Europe Fends Off Energy Crisis With Huge Stockpile of Natural Gas

Photo of liquefied natural gas storage
Photo of liquefied natural gas storage

Natural gas is stored in massive spherical containers in the Europoort industrial area of Rotterdam.

Europe has turned a surprising corner in preparation for the continent’s much-discussed impending energy crisis. The European Union now has more liquefied natural gas than it needs, according to reports from Bloomberg and the New York Times.

Ports are reportedly backed up, with tankard ships waiting to offload their gas supply to countries already flush with fuel, said the NYT. The E.U.’s gas storage has reached 93.6% capacity overall, with Germany storage at 97.5% full, according to Bloomberg. And natural gas prices have fallen to their lowest level since June, according to the Financial Times, and currently sit at levels less than a third of what they were during August’s record peak.

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The U-turn follows months of aggressive global gas imports by Europe, in response to Russian fuel cuts. A fall warm spell, which has meant lower-than-usual energy demand, is also partially responsible for Europe’s gas recovery. The warmer weather is forecast to continue through winter.

Normally, the E.U. relies on natural gas for somewhere between one-fifth and one-third of its energy. And in 2020, more than 40% of that gas was imported from Russia, according to Eurostat.

But this year, Russia’s ongoing war in Ukraine put a squeeze on the E.U.’s energy supply. Amid the conflict and Russian threat of slashed shipment, the bloc of nations vowed to reduce their consumption of Russian fuel in March. Russia responded by doubling down in the summer and cutting its E.U. gas exports further.

Then, the Nord Stream pipelines failed, releasing a record amount of planet-warming methane and stopping the primary flow of liquefied natural gas (LNG) from Russia to Germany entirely. The pipeline leaks are widely suspected to be the result of intentional sabotage, and multiple European investigations determined explosions were set near the pipe. Europe has blamed Russia, Russia has denied those allegations and in turn blamed “the West.”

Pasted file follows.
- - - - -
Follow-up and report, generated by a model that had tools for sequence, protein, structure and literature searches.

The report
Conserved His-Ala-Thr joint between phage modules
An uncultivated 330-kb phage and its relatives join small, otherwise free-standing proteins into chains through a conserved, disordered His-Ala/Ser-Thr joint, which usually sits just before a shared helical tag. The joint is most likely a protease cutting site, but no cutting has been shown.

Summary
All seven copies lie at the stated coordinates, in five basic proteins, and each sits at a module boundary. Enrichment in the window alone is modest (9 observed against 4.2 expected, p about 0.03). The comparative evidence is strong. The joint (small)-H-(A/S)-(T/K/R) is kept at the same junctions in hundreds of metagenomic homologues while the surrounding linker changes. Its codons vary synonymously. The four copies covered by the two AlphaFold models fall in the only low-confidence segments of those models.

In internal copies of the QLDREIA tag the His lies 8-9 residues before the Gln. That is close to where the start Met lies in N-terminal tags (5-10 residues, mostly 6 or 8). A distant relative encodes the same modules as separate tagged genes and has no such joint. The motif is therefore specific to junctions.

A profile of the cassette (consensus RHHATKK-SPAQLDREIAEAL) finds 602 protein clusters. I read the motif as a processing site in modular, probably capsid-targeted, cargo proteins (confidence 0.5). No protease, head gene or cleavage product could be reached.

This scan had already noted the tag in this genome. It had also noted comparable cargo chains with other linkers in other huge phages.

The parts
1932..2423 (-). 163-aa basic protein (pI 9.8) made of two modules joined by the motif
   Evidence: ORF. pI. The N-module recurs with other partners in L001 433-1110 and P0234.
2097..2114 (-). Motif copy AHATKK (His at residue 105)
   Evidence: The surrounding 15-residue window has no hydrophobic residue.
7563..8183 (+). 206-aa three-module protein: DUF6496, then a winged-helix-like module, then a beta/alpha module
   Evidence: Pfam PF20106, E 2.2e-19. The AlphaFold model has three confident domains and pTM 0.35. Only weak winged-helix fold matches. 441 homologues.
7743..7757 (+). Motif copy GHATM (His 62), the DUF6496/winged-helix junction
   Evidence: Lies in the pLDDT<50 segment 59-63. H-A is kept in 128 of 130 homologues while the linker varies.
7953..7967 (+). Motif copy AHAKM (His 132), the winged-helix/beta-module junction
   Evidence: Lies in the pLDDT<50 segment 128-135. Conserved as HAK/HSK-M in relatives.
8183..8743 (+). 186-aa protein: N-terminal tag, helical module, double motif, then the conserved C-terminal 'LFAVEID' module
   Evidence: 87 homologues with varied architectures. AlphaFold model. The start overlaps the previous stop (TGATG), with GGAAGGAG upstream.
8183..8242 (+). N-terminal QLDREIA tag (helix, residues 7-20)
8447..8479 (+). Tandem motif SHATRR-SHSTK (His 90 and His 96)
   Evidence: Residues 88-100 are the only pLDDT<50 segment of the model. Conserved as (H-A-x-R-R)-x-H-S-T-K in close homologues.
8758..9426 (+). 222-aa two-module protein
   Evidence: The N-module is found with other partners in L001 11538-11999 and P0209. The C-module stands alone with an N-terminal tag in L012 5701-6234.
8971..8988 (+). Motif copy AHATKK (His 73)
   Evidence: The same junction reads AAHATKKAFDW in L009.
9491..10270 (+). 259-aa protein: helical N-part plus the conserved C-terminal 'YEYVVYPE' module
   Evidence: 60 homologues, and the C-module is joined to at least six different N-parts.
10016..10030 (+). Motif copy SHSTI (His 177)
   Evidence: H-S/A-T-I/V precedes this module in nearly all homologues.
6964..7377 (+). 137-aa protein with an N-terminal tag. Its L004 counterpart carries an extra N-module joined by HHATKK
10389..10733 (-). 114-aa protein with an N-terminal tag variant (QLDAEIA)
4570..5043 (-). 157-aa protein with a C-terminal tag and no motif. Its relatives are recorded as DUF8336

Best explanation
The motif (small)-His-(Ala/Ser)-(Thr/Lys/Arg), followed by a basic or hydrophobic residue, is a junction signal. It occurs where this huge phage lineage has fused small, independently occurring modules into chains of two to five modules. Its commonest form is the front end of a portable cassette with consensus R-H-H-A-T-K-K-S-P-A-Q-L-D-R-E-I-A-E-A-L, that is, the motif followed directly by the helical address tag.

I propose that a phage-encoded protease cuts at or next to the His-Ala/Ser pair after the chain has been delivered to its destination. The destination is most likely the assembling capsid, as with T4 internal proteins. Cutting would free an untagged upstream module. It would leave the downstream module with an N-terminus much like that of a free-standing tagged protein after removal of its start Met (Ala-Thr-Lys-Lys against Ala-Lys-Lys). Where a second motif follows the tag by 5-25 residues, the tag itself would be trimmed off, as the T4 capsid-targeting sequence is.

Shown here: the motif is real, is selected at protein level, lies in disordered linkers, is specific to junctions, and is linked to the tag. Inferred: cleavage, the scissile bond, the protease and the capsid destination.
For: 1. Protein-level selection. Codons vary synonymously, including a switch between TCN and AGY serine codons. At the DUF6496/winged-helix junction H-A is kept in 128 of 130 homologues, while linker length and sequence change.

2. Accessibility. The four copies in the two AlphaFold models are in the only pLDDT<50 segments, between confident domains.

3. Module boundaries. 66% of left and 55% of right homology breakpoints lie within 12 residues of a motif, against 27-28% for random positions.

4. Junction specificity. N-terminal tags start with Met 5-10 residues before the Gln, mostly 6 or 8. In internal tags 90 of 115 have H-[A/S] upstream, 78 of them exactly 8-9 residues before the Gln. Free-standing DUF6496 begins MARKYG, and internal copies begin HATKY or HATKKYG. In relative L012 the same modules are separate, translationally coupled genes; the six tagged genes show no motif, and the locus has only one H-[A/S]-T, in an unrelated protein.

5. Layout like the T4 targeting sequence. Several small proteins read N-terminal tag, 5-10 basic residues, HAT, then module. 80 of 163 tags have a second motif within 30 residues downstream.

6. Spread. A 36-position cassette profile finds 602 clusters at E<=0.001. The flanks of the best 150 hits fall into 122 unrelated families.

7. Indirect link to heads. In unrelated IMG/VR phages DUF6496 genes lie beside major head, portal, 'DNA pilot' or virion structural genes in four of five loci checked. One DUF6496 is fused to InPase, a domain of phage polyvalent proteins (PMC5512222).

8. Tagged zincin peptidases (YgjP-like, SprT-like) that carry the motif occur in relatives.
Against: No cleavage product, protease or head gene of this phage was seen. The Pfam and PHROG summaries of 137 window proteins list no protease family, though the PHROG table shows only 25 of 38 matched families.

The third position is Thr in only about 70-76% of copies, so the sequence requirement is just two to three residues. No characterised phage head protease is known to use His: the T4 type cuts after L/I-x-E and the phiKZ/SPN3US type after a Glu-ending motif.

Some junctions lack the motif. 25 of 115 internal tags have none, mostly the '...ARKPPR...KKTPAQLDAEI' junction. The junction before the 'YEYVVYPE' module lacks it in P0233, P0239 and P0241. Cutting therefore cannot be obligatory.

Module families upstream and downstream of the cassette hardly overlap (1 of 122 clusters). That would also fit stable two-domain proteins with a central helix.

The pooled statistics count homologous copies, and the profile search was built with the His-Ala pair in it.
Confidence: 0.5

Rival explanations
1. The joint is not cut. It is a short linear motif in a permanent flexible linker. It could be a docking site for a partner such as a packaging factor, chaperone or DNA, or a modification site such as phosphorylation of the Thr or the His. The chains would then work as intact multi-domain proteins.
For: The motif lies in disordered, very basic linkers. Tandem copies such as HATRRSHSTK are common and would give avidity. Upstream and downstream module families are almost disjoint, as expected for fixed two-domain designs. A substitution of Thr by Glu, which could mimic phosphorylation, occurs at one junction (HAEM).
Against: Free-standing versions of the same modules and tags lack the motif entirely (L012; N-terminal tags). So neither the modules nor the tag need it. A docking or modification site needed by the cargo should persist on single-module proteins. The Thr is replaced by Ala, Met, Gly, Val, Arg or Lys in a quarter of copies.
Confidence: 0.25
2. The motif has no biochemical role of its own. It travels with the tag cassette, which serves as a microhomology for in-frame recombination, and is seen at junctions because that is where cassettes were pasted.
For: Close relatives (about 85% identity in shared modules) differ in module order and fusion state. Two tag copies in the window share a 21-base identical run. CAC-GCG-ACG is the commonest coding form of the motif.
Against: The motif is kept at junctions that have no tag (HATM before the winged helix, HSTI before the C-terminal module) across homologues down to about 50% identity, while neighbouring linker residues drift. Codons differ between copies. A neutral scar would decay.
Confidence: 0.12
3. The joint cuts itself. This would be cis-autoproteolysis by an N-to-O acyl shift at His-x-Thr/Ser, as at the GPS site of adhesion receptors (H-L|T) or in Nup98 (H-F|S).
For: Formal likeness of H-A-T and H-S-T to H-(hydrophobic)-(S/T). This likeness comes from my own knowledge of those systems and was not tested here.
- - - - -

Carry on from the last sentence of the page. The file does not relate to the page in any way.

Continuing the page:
In lieu of its standard supply, Europe bridged some of its energy needs with renewables but also turned back to coal. And the E.U. looked farther afield to import liquefied natural gas. Prices skyrocketed, attracting gas exporters to the bloc—the United States, Qatar, and other countries (Russia included) all sent large shipments via boat, according to NYT.

Coupled with warm weather, the E.U.’s aggressive stockpiling strategy appears to have worked, for now—staving off the threat of energy shortages. However, near-capacity now doesn’t guarantee enough supply later. Even Germany’s very full storage is only enough to fulfill demand for about two months of winter weather, according to Bloomberg. “The test will come when we have the first cold snap and storage starts to empty,” said Jonathan Stern, the founder of the gas program at the Oxford Institute for Energy Studies, to the NYT.

Multiple outlets reported that Europe will need to continue bringing in natural gas through the winter to guard against things like dangerous cold-weather blackouts. And the recent lowered costs for LNG in the E.U. might make that a challenge. Granted, as NYT pointed out, the current natural gas price is still “historically elevated,” so much so that the European Commission is considering imposing a price cap.

Regardless, the ongoing instability of Europe’s fossil fuels highlights the need for a shift to renewable energy. On top of the obvious climate change downsides to burning gas and oil, LNG is not a reliable energy source in a conflict-filled world. The E.U. hasn’t been able to reach energy independence via fossil fuels, yet a diversified and sustainable energy grid could ensure cheap and dependable domestic electricity.

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